A few broad valleys with large meandering rivers are located within the Middle Rockies, but stream gradients within the mountainous areas generally are steep. Dense vegetation and armored streambeds resist erosion, but where soft rocks are exposed or vegetation is disturbed, rapid erosion occurs (Missouri Basin Inter-Agency Committee, 1969). The drainage network of the Middle Rocky Mountains Province features several deep canyons, such as the Bighorn and Wind River Canyons, where rivers cut through mountain ranges rather than following lowland courses around the barriers. These canyons are attributed to superimposition of stream courses from the surface of sediments that formerly filled the basins to higher levels than at present (Howard and Williams, 1972).The part of the Wyoming Basin physiographic province contained within the study unit, composing about 7 percent of the study unit, corresponds to the Wind River Basin. The boundary between this province and the Great Plains is the subtle surface expression of the Casper Arch (fig. 5); this gap south of the Bighorn Range is the only area where the mountainous western border of the Great Plains is interrupted. The Wind River Basin is bounded on the north by the Owl Creek Mountains, on the west by the Wind River Range (fig. 2), and on the south by minor ranges associated with the Sweetwater uplift (fig. 5). Terrace and pediment surfaces form extensive tablelands, and locally prominent badlands are eroded into soft Tertiary sediments (Keefer, 1965). Elevation in this province ranges from 1,440 to 3,600 m within the study unit, averaging about 1,840 m. Local relief is typically 150 to 300 m.
The Northern Rocky Mountains Province (fig. 2) contains about 3
percent of the study unit. This province is separated from the Middle Rocky
Mountains Province only by the Yellowstone River valley and
Yellowstone Plateau. Elevation in this province ranges from 1,310 to 3,350 m within the study unit, averaging about 1,930 m.
|Figure 3. Hypsometric curve for Yellowstone River Basin.
(Click on image for a larger version, 19 kb)
Climate in the study unit ranges from cold and moist in the mountainous areas to temperate and semiarid in the plains areas. Primarily because of its midcontinental location, the basin's weather is characterized by fluctuations and extremes (Missouri Basin Inter-Agency Committee, 1969). The interaction between air masses originating in the Gulf of Mexico, the northern Pacific Ocean, and the Arctic regions is largely responsible for the seasonal climate regimens found within the study area. The Gulf air tends to dominate in spring and early summer, but Arctic air dominates in winter (Missouri Basin Inter-Agency Committee, 1969).Mean annual temperatures range from less than 0°C at Yellowstone Lake to about 10°C along the Bighorn River valley in Montana (National Climatic Data Center, digital data, 1994). Annual temperature extremes range from about -40°C during the winter to hotter than 38°C during the summer (Western Regional Climate Center, digital data, 1997). Temperatures generally are coldest in January, when average daily lows range from less than -18°C in higher elevations to about -8°C near Livingston, Mont. (Western Regional Climate Center, digital data, 1997), and average monthly temperature ranges from less than -13°C (fig. 4, part 1 and part 2) in Yellowstone National Park to about -3°C near Livingston, Mont. (National Climatic Data Center, digital data, 1994). July normally is the warmest month, with average daily highs ranging from about 22°C in higher elevations to about 32°C in some valleys of the Great Plains and Wyoming Basin Provinces (Western Regional Climate Center, digital data, 1997). Average July temperature ranges from about 12°C in higher elevations to about 24°C in some valley locations (National Climatic Data Center, digital data, 1994). The average frost-free period ranges from less than 10 days at high elevations (Marston and Anderson, 1991) to more than 140 days on the plains and in lower basins (U.S. Department of the Interior, 1965). The climate is cold enough at some sites to form permanent ice (permafrost) in the ground: local permafrost occurs at elevations as low as 2,400 to 2,600 m on north slopes near Yellowstone National Park (Pierce, 1979).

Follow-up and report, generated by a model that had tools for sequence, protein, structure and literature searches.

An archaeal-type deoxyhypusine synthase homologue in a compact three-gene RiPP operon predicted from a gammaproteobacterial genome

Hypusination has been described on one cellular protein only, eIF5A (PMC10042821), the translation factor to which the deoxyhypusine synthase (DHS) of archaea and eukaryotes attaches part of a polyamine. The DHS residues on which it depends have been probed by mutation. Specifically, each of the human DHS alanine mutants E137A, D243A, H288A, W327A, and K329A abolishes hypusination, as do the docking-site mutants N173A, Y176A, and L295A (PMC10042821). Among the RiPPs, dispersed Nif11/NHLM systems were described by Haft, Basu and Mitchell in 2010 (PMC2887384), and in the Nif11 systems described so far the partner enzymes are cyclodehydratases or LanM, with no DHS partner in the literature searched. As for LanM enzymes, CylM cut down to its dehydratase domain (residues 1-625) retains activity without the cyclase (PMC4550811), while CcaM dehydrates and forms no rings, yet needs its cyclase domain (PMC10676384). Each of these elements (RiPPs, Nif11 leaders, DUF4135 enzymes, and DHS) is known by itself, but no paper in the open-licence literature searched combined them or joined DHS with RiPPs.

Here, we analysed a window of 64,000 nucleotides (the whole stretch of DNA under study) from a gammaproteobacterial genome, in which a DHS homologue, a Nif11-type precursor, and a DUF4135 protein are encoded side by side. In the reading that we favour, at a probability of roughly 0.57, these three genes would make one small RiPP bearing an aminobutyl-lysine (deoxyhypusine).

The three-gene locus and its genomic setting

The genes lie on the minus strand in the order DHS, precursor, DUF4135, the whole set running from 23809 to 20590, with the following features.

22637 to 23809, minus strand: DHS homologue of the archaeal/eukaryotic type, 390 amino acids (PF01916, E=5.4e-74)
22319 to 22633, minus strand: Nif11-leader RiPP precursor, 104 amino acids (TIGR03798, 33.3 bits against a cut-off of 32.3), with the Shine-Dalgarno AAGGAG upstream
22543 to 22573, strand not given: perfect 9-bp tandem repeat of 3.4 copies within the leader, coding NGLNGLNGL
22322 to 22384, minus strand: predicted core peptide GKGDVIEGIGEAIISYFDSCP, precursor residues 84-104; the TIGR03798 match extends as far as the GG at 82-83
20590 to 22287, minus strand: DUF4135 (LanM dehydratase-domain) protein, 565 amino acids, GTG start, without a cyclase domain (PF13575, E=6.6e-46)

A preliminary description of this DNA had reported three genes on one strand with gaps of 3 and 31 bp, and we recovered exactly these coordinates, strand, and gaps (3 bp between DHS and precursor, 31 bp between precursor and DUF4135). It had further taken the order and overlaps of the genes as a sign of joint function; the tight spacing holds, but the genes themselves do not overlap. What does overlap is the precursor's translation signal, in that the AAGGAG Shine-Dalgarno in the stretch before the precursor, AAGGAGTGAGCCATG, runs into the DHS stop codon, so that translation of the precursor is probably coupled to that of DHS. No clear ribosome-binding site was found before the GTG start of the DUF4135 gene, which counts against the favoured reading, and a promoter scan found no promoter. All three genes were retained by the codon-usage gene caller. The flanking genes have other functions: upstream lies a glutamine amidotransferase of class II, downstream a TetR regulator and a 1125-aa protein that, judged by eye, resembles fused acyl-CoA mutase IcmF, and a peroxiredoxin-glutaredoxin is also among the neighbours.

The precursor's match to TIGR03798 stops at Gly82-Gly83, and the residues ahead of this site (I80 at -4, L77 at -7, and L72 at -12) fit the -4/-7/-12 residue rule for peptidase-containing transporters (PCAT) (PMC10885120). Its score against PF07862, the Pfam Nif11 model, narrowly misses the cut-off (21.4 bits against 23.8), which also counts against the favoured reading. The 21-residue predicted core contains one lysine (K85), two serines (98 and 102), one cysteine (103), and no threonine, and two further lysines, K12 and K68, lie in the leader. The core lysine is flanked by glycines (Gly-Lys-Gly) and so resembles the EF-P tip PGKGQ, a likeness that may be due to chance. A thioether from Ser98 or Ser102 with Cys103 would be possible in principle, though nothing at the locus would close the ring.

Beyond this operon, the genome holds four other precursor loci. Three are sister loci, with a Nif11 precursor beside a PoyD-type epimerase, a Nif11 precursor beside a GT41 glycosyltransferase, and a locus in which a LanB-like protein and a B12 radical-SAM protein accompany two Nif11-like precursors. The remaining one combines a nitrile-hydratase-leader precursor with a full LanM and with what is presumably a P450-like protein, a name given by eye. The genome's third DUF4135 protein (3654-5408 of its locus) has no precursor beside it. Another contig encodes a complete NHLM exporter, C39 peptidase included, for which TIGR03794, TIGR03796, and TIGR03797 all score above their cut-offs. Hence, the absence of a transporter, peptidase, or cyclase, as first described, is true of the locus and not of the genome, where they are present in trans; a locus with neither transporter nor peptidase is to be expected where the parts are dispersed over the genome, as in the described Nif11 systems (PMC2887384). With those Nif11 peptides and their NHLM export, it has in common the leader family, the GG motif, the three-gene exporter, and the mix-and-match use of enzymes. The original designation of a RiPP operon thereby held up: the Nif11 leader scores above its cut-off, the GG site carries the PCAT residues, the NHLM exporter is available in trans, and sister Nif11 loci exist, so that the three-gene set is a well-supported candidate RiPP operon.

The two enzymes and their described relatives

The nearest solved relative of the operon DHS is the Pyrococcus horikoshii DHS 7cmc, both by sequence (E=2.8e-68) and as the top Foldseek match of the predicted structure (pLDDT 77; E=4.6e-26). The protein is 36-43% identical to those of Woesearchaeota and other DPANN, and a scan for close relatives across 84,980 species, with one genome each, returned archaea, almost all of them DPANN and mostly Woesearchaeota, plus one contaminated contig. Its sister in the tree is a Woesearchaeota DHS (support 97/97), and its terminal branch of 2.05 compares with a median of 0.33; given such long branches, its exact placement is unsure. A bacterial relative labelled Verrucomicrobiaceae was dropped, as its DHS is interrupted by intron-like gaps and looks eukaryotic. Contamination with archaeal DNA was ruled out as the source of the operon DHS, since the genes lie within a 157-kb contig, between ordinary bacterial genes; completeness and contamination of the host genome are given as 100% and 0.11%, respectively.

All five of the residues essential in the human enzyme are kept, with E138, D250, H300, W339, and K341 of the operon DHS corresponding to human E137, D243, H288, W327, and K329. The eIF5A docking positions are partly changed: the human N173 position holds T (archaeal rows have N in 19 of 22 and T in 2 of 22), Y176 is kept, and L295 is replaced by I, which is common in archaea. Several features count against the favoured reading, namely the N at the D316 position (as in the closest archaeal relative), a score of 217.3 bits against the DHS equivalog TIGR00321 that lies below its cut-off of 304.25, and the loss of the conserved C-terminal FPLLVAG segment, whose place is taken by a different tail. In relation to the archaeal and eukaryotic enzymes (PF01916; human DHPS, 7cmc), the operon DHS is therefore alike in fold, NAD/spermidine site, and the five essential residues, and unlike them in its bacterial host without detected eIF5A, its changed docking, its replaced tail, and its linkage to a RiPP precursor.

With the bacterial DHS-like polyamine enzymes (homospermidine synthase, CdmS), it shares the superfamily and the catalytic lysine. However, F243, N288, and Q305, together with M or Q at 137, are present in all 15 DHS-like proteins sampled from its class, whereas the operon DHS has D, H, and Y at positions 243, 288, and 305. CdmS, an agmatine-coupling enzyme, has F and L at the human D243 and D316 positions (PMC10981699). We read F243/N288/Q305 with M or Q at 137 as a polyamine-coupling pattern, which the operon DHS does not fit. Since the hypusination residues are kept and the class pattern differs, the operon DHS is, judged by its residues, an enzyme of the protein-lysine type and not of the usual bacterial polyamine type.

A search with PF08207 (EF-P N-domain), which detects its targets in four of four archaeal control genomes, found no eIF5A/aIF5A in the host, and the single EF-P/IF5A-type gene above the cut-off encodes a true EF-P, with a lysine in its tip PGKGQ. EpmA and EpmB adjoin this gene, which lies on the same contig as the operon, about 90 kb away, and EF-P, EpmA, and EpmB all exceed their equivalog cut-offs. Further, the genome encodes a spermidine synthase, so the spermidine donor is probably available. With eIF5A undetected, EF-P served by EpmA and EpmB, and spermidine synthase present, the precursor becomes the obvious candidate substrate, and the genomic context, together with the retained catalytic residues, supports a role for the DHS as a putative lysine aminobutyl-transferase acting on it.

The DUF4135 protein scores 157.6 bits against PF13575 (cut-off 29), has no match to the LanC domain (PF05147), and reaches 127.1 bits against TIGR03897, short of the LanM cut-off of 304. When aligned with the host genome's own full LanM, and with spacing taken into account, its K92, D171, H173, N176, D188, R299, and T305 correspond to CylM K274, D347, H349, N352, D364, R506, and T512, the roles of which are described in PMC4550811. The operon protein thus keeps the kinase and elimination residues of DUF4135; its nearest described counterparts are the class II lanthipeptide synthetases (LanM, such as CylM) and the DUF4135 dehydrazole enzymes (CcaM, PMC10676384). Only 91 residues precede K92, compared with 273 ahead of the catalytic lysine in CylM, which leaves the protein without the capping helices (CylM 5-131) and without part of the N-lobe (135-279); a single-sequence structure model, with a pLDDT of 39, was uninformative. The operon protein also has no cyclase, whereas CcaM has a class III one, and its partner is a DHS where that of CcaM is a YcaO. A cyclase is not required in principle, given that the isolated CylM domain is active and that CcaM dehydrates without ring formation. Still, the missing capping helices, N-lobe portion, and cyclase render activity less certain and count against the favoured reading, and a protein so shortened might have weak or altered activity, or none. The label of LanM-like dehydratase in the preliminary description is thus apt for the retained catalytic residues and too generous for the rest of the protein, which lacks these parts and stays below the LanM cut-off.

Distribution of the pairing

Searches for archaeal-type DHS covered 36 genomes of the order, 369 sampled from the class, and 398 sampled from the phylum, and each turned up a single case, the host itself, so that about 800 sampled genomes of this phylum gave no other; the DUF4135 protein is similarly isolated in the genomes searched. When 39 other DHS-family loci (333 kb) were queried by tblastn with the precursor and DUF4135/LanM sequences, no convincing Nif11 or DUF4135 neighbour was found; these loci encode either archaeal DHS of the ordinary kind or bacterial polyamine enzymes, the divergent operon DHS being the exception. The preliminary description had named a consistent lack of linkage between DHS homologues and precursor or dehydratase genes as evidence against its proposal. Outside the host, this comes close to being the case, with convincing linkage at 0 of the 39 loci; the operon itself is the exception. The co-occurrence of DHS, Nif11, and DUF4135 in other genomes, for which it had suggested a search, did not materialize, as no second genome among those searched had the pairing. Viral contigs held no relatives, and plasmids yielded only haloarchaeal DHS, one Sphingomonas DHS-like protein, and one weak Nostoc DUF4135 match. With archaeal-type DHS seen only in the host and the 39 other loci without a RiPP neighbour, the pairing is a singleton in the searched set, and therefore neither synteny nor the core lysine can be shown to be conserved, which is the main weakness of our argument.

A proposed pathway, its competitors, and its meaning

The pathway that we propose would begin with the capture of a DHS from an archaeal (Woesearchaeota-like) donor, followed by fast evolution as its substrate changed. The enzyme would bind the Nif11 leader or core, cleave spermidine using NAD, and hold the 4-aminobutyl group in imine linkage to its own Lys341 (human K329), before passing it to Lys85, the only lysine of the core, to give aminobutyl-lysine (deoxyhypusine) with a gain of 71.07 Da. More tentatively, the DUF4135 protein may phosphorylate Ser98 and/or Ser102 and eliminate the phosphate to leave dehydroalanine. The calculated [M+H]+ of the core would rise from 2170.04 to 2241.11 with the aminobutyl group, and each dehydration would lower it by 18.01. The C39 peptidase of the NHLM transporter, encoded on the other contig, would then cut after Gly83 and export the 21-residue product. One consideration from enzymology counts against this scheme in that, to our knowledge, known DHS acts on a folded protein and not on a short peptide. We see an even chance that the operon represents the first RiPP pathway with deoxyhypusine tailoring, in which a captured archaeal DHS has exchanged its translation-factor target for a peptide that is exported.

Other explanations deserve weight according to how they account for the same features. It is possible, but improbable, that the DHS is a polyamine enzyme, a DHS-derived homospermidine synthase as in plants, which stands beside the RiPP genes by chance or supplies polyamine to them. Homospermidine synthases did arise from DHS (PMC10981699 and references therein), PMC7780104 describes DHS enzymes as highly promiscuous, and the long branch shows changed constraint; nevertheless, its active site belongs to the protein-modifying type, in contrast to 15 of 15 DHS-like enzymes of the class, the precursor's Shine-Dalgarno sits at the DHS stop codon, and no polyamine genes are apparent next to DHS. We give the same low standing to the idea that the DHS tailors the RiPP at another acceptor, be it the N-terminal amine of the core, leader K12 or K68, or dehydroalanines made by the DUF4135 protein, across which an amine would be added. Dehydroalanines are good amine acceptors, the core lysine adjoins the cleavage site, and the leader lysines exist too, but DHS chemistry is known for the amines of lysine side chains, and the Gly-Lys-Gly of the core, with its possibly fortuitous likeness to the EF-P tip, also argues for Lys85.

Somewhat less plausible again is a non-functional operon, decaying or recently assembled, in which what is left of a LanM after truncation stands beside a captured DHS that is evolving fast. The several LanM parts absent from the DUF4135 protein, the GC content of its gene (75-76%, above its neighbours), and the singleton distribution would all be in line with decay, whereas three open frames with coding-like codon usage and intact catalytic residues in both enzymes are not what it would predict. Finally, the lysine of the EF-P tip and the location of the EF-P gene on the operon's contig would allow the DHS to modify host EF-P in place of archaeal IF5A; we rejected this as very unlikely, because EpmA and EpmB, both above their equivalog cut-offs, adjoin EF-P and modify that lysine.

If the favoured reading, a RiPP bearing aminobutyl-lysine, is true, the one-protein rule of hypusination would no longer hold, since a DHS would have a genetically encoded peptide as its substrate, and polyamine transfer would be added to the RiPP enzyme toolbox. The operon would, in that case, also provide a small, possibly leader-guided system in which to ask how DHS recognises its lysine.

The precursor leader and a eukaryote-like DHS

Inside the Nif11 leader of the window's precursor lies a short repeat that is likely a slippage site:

|Figure 4. Average annual precipitation, Yellowstone River Basin. (Click on image for a larger version, 228 kb)||Figure 4--continued. Graphs showing mean daily precipitation and temperature at selected stations. (Click on image for a larger version, 62 kb)|
In the YRB, 40 to 45 percent of the annual precipitation falls during April through June at most locations (fig. 4, part 1 and part 2), but this seasonality diminishes in mountainous areas. Mean annual precipitation ranges from about 150 mm (5.9 in.) in the central parts of the Bighorn and Wind River Basins to more than 1,500 mm (59 in.) at high elevations in the mountains near Yellowstone National Park (Oregon Climate Service, 1995a, 1995b). Snowfall composes a substantial part of annual precipitation in most years, with average annual snowfall ranging from less than 300 mm (12 in.) in parts of the Bighorn Basin to more than 5,200 mm (200 in.) near Yellowstone National Park (Western Regional Climate Center, digital data, 1997). The mountain ranges in the study unit cause precipitation to vary strongly with elevation, because in mountainous terrain, most of the spatial variation in precipitation is explained by orographic effects of the large-scale terrain features (Daly and others, 1994). Annual precipitation in the plains areas generally is more variable from year to year, and less than in the mountains (Slagle and others, 1983).
Evaporation varies with temperature, which, in turn, is strongly affected by elevation (Reider, 1990). Evaporation in the YRB is affected more by prevailing wind and sky conditions than by latitude, as shown by published maps of mean annual evaporation for 1956-70 (Farnsworth and others, 1982). Evaporation is greatest in the windswept basins and prairies where the mean annual total generally exceeds 900 mm (35 in.), and surpasses 1,100 mm (43 in.) in parts of the Bighorn and Powder River Basins and Yellowstone River valley. In the cool, often cloud-shrouded highlands of the Absaroka and Beartooth Mountains, mean annual evaporation is less than 500 mm (Martner, 1986). Evaporation and precipitation together distinguish the moist, mountain forest ecosystem from the lower-elevation regions where evaporation exceeds precipitation (Ostresh and others, 1990; Marston and Anderson, 1991).